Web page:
Andrew Miller has been CEO of Guardian Media Group (GMG) since July 2010. He has presided over a five year transformation programme that has seen the Guardian shift from a print-based organisation to one that is digital-first in both philosophy and practice. Here, in a post based on his Polis Media Agenda Talk, he discusses the role played by digital intermediaries in the Guardian’s open strategy, warning of their size and influence and outlining the need for them to face up to their editorial responsibilities.
Being open is a core principle of the Guardian. It drives everything we do and goes back to the values CP Scott set out in 1921. It’s the idea that a news organisation can give a better account of the world by harnessing the unleashed power where everyone can publish. Openness takes down the walls between journalist and reader, and it encourages more interaction with the reader or viewer. It gives a richer picture of the world by collaborating with the new digital landscape, not fighting it. Under the brilliant editorship of Alan Rusbridger, the open web has helped transform the Guardian from the ninth biggest newspaper in the UK to the number one quality English-language newspaper website in the world. This has been made possible thanks to the open, interconnected nature of the Internet, which has made the Guardian’s journalism available on the global news-stand that is the world wide web.
Technology juggernauts come with a health warning
Google, Twitter, Facebook and other social platforms play a key role in driving this open two-way relationship with our readers and we see them as our partners and collaborators, not the destroyers of everything we hold dear. Traffic to the Guardian increasingly comes from social sharing; in fact, 50% of our traffic comes via search and social. We welcome the mutual benefits such relationships bring, but there are health warnings.
I have concerns about the size and the influence that these digital platforms wield. Many of the Guardian’s counterparts across Europe are currently focused on prosecuting the case against Google’s alleged abuse of its dominant position in search. But Google, Twitter and Facebook are global companies – and it’s not surprising, therefore, that they act in ways which favour their own interests. They also all sit within an EU framework, which means competition authorities can seek remedies if necessary – and will rightly impose them.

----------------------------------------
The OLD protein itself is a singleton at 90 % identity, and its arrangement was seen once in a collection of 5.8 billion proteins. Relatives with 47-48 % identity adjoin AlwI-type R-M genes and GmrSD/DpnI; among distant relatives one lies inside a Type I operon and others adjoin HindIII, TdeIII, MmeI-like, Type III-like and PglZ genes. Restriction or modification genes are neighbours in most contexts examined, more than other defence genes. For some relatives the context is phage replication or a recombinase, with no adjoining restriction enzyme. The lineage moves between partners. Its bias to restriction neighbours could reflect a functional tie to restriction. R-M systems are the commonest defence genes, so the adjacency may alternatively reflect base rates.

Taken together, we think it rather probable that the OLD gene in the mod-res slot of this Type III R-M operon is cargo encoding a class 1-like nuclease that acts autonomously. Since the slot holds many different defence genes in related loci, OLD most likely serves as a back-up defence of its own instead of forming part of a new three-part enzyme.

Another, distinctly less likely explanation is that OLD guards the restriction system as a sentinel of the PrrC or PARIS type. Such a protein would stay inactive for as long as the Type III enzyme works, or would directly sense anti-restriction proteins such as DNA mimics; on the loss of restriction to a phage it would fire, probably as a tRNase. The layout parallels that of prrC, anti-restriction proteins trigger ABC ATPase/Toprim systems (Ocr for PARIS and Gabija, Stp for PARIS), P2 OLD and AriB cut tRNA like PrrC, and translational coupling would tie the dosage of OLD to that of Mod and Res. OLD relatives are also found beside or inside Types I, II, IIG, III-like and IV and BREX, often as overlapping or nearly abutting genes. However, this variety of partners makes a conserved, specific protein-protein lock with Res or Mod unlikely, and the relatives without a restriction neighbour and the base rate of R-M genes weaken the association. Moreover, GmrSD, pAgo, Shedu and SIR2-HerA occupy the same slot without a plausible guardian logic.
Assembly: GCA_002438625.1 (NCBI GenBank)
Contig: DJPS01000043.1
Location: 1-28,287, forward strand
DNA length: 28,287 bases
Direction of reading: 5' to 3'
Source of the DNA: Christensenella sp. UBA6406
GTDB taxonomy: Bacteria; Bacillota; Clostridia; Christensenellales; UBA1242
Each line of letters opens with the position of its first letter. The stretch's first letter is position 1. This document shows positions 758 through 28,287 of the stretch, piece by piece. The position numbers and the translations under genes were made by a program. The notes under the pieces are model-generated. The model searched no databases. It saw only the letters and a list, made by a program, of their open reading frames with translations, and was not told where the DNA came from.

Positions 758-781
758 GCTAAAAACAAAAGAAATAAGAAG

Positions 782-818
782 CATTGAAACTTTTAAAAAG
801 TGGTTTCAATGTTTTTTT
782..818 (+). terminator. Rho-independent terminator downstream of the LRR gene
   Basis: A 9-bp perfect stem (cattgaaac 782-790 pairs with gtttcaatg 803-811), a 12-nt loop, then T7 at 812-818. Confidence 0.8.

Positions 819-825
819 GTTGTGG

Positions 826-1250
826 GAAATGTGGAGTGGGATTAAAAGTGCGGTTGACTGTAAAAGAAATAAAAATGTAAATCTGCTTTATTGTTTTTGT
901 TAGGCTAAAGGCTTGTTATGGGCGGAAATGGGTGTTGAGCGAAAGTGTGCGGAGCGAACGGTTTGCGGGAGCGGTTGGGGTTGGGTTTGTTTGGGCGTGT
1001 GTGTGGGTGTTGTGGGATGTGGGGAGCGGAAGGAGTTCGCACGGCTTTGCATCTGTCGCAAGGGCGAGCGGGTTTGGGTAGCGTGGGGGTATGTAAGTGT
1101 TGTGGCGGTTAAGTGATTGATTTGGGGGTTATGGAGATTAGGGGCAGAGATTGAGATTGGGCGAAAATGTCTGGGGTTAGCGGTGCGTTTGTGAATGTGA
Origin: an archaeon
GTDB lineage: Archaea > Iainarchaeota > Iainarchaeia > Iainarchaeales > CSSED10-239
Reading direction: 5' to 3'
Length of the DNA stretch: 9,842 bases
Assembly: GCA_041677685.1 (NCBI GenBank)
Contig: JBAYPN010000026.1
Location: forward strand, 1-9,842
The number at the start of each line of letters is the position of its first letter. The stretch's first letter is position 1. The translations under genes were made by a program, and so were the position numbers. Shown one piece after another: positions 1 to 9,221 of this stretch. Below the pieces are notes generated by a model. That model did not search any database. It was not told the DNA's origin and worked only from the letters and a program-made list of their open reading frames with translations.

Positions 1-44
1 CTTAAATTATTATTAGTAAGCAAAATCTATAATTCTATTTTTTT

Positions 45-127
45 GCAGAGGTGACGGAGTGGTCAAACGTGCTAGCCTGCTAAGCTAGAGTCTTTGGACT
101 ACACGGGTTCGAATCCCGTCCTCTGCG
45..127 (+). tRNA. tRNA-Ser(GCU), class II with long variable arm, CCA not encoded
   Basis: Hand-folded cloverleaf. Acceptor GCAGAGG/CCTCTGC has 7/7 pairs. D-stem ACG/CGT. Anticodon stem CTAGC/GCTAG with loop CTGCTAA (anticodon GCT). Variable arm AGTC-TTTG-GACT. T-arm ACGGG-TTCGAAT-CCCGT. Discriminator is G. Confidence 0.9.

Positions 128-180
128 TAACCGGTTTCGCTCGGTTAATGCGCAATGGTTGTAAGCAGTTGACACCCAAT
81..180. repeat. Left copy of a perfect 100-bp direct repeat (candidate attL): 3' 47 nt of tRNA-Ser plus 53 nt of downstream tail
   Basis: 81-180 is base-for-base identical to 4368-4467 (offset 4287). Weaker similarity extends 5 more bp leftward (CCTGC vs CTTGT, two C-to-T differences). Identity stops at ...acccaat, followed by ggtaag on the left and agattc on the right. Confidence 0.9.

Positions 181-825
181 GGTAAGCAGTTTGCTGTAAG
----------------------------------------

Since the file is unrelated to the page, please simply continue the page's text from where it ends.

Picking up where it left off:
Any regulation must be consensual and carefully considered
But my caution to the EU and policy makers is to reflect on these frameworks and to consider if they can really be effective when the internet has no regard for international boundaries. These companies are beyond the reach of most national regulators. Supranational companies need supranational regulators, a responsibility which ultimately falls to the EU. The EU needs to think carefully and for the long-term about what appropriate regulation looks like. It needs to prepare the EU’s digital economy for the future, not to protect the EU economy of the past. Knee-jerk reactions that simply placate local publishing interests risk Europe being by-passed or closed off from the many benefits these companies offer. Any action must be taken in conjunction with other governments; otherwise, Europe risks becoming a digital backwater.
Digital distributors cannot have it both ways
On the flipside, these digital distributors cannot escape their editorial responsibilities. Editing on these platforms will become more and more essential in order to avoid dangerous, damaging, inflammatory material from being treated as legitimate information. It’s happening now: Twitter trolling and the rise of the bullies, Facebook making changes to its gender selection option, Buzzfeed having to apologise for plagiarism. Whether you’re a legacy franchise, a philanthropic digital or, to put it bluntly, a start-up that’s for sale, every media company is having to wake up to the harsh realities that face them. Newspapers have spent the last 100 years honing these essential skills and experience – and they cost money.
More than that, are these companies being somewhat disingenuous? On the one hand, they want to be open and agnostic platforms for the distribution of content, with the cost infrastructure of being digital. On the other hand, they make the majority of their revenues from media-related advertising.
I think they need to be more candid about what they want to be: platforms without editorial responsibility or media companies with the organisational framework in place to make big editorial decisions? If they are media companies then by necessity they can accept the revenues that brings. But they also need to accept the responsibility created by the necessary regulation that entails.
This article gives the views of the author, and does not represent the position of the LSE Media Policy Project blog, nor of the London School of Economics.